INTERNATIONAL FOCUS

Dev George Houston Area of contention between UK and Denmark. Falkland Islands. Conoco's Heidrun TLP. Seismic survey areas of the Kazakh Caspian. A magnitude of change has occurred in the world since the 1982 Falkland War. Margaret Thatcher has moved on to a less threatening base of power. The generals that previously ruled in Buenas Aires are either in prison, in Spain, or put out to pasture. Democracy is in full bloom in Argentina. And it has had an enormous effect on the country -

Europe:

Norway's giant Heidrun platform has been cristened by its operator, Conoco, and is set for tow out and installation later this month in the Norwegian Sea in 350 meters water. The first floating production platform built entirely of concrete, the Heidrun TLP weighs 220,000 tons. Once installed on the Heidrun Field, it will be the northernmost oil and gas field ever developed - at 70 miles south of the Arctic Circle. Russia's Lukoil is growing ever larger, via the ever-popular presidential decree. In doing so, it is absorbing five more production associations, including Kaliningradmorneftegaz, one of just two Russian offshore producers. (Sakhalinmorneftegaz is the other.)

Asia:

China's BPMG Bureau of Petroleum & Marine Geology, long a behind-the-scenes player in oil and gas developments involving foreign companies, has now been given authority to enter into the agreements itself. It will function on the same level as CNOOC, with responsibility for both onshore and offshore provinces. BPMG's current focus is the East China Sea's Baoyunting Field, southeast of Shanghai.

India offering ownership majorities in joint ventures to develop frontier and deepwater fields is a first. Both ONGC and OIL will enter into minority partnerships with foreign companies to explore and develop high-risk, high-reward areas. The government is retaining the right to buy crude production at international prices.

Australia's Bellerophon prospect on the Northwest Shelf, is being turned over to Apache by Carnarvon Petroleum. Now operator, Apache estimates the prospect holds approximately 200 million bbl oil. The company was to drill its first Bellerophon well last month.

Mideast:

Israeli Mediterranean exploration has proven unsuccessful to date, but Isramco, the nearest thing to an Israeli state oil company, isn't giving up. Fires ravaged the Yam Yafo 1 drilling rig last October, and drilling was abandoned, then the company drilled the dry hole Yam Ma'arav 1 in November and Negev Nirim in January. New sites are now being considered.

Azerbaijani state oil company Socar has sold a 5% stake in the country's giant Azeri project to Exxon, which also promised to help Socar finance its remaining interest. Although the transaction must be approved by other partners, it is expected to pass, leaving Socar with 15% that may well be sold as well - perhaps to Shell and Elf.

Russia's Caspian aquatory is to be explored and developed, at least in part, by that country's independent oil company, Lukoil. An E&P contract was signed in April that will allow the company to survey and then produce both oil and gas from the Astrakhan region of the northern Caspian Sea.

Kazakhstani Caspian seismic acquisition commenced last month for an 18-month program set to be completed in October 1996. The shallow northern sector is being shot by Western Geophysical, the deeper southern sector by DG Seis, a Digicon-Lukoil joint venture. More than 35,000 sq km will be shot, with interpretation over the following year. Thereafter, members of the North Caspian Consortium (Agip, British Gas Mobil, Shell, Statoil/BP, and Total) will be given first choice of blocks, with the rest put up for bid. It's said that Amoco, Elf, and Exxon also want to join the group.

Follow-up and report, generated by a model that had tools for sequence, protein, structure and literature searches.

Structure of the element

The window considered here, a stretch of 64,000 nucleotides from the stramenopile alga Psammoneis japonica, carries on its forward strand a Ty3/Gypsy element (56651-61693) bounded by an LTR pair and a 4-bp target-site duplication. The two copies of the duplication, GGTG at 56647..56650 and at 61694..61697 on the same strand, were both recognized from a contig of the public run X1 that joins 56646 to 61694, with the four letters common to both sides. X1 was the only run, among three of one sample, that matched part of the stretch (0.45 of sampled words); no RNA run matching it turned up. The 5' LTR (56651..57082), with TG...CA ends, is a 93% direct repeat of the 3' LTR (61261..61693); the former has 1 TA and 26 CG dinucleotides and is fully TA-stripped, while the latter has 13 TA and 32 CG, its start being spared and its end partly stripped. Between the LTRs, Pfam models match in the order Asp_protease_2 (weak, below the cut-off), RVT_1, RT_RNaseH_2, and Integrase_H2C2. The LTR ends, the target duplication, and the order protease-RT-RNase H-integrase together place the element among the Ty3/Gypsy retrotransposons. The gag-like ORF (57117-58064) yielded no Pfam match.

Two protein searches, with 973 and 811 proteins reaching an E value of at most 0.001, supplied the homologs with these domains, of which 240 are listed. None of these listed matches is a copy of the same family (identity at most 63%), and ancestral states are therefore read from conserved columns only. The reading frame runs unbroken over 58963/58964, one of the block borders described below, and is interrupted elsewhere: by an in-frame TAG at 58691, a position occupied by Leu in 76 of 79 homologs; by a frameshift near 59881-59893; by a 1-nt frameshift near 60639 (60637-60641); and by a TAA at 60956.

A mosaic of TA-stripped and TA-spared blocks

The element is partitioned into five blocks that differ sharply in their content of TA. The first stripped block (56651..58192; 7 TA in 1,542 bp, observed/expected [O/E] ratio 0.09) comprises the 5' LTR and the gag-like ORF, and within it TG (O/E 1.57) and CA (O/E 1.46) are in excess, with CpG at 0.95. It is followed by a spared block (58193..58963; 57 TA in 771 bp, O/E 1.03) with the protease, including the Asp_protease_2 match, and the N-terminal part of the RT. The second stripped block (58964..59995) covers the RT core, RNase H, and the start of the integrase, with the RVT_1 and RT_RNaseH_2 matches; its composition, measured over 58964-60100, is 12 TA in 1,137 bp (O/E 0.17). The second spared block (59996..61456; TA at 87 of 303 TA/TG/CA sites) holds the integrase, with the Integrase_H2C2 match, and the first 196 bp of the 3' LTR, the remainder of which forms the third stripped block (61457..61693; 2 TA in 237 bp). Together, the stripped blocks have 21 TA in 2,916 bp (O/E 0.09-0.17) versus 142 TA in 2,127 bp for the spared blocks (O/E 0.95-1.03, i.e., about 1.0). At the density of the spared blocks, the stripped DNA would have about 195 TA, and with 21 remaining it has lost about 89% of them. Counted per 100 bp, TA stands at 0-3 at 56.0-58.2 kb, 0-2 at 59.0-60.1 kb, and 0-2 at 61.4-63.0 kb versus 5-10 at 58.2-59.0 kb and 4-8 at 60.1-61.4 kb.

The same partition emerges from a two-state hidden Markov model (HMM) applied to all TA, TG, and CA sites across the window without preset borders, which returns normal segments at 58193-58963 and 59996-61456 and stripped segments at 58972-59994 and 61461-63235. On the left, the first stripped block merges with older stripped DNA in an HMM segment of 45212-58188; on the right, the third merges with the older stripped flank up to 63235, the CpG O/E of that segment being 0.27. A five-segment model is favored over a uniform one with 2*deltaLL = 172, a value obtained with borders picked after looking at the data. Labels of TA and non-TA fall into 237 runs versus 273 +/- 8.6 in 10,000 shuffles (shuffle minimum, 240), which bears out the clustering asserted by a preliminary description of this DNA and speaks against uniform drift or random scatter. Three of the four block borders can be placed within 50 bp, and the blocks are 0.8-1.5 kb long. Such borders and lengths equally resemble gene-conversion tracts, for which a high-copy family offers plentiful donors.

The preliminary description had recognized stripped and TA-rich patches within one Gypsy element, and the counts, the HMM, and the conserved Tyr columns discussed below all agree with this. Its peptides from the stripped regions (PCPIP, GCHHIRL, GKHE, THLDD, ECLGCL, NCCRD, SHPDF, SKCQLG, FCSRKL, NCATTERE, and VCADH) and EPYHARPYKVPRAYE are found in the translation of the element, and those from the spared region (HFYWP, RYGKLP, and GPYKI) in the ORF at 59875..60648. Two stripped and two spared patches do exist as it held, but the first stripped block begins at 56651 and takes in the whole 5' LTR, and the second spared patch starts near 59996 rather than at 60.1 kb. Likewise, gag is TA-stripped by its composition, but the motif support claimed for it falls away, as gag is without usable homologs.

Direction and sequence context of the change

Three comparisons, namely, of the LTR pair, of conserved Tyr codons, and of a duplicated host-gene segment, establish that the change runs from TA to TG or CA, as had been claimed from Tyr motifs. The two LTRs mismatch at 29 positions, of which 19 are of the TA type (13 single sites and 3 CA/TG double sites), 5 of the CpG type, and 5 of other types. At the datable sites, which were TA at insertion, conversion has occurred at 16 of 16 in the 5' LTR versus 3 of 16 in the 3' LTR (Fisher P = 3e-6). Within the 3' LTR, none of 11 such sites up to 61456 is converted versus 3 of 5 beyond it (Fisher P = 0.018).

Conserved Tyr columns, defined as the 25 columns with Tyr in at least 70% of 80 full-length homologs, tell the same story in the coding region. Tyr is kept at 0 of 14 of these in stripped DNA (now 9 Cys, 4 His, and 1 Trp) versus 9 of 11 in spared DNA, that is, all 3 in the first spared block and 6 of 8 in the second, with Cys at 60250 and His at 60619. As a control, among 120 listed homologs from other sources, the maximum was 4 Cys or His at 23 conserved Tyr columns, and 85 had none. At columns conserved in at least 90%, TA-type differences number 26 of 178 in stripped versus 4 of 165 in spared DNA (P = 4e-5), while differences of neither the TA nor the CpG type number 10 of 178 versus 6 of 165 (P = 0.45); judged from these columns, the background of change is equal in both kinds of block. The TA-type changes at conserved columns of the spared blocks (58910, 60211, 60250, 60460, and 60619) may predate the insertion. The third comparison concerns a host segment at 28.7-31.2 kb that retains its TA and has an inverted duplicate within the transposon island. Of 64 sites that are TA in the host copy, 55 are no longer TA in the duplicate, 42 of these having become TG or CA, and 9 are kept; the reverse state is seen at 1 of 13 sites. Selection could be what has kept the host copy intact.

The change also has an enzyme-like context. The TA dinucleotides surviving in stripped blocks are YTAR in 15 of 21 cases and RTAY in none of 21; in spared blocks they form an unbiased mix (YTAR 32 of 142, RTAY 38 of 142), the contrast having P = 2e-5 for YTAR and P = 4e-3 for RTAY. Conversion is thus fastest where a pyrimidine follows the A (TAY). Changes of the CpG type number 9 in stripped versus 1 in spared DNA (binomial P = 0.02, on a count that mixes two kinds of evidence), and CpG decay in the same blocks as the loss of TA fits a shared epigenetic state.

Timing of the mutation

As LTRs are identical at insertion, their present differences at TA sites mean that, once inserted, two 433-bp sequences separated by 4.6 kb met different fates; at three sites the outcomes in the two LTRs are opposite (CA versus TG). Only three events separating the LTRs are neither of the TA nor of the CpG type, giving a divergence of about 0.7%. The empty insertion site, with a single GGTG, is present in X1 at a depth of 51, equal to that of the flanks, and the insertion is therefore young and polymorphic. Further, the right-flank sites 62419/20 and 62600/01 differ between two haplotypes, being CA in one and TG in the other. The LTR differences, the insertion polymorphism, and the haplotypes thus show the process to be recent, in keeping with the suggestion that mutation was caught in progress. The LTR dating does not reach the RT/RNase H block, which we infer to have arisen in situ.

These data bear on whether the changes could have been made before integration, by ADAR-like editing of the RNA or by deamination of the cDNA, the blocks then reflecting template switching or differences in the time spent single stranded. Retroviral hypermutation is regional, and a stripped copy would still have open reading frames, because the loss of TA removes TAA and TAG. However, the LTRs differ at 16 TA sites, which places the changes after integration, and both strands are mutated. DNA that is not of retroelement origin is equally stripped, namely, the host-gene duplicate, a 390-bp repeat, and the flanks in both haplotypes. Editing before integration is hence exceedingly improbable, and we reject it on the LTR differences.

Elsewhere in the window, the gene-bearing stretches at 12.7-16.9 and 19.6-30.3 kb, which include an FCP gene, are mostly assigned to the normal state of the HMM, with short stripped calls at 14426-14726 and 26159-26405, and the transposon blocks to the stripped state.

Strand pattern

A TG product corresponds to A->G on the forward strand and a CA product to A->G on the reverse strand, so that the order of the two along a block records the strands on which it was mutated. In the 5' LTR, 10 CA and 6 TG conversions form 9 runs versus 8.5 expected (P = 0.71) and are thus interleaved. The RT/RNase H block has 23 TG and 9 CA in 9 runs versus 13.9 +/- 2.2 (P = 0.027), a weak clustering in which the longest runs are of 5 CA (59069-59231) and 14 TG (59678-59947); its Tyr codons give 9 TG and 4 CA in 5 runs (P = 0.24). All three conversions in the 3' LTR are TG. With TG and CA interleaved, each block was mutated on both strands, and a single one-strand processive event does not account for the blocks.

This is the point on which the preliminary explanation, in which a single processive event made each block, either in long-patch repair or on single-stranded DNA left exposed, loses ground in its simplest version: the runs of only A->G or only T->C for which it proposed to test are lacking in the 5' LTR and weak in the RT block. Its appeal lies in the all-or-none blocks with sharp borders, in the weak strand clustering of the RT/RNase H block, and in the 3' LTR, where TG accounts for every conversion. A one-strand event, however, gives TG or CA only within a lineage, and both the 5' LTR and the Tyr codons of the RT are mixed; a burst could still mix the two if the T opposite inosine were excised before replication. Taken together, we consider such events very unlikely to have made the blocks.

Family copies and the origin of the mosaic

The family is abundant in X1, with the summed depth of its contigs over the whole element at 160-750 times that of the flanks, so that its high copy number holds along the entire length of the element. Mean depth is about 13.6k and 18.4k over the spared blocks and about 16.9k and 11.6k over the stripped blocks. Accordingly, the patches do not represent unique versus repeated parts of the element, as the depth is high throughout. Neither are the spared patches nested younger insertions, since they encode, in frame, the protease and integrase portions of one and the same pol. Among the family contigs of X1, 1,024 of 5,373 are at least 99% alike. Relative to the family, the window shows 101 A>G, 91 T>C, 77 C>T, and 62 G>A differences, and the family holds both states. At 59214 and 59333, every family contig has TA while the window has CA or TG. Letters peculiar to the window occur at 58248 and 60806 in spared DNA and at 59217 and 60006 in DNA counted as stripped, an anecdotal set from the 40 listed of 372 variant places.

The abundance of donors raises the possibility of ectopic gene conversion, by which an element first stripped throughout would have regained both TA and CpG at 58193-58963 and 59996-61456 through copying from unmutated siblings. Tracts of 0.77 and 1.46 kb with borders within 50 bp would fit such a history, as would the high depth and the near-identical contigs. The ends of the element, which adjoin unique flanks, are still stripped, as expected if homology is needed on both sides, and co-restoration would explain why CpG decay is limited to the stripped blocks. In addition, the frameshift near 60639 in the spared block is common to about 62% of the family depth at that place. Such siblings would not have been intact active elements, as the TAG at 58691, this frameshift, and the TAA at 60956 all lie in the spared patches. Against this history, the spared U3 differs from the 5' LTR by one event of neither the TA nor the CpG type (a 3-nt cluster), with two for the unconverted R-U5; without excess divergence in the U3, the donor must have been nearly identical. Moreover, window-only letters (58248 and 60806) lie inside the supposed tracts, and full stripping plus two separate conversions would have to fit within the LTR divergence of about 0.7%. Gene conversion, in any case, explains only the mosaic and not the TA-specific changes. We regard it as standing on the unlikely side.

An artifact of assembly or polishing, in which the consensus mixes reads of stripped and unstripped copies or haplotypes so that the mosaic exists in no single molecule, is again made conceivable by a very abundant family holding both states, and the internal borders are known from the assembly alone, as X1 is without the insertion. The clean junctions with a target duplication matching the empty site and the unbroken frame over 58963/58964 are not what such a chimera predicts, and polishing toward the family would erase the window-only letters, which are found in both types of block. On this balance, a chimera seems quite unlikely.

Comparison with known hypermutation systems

Turkmenistan's Caspian fields have begun to flow again. Larmag, the Nether-lands-based operator of a 50/50 joint venture with NGDU Chelekeneft, lifted the first oil for export from Turkmenistan since the early 20th century. Larmag's Block II is now producing 11,000 b/d, with a target production of 80,000 b/d after full development.

Africa:

Cte d'Ivoire's remarkable aquatory continues to produce discoveries. United Meridian has announced another find on its Lion Field, Block CI-11. The Lion B-1 well logged 133 ft of oil sand pay at 9,950 ft in the Albian formation and encountered a new gas zone. One mile from the Lion A-1 discovery well, the B-1 strike significantly extends the Lion Field. It tested 5,460 b/d oil and 4.02 MMcf/d gas.

An exploratory Tunisian well drilled by Noble Affiliates on its 1.2 million acre Cap Bon Marin permit area struck pay at a combined flow rate of 4,540 b/d oil equivalent. Samedan Oil, a Noble subsidiary, is the operator, with Neste holding the remaining 50%.

South Africa's first oil field, the E-BT Field, off the coast of Western Cape province, will be onstream in the first quarter of next year, according to the South African state oil company Soekor and its partner Engen. Production, expected to reach 20,000 b/d oil, will be to an FPS.

Americas:

Alaska's North Star development is planned by BP. In a three-year, $12 million program, BP will undertake an environmental impact study, then conduct a 3D seismic survey in 1996 to delineate the reservoir and determine drilling sites. Production startup for the 200 million bbl field has yet to be set.

Florida's feisty Coastal Petroleum may be drilling for oil and gas in the Apalachicola area of the Florida Gulf of Mexico before yearend. A district judge has ruled the state Attorney General must issue a permit to drill in state waters, where Coastal holds leases for more than 800,000 acres.

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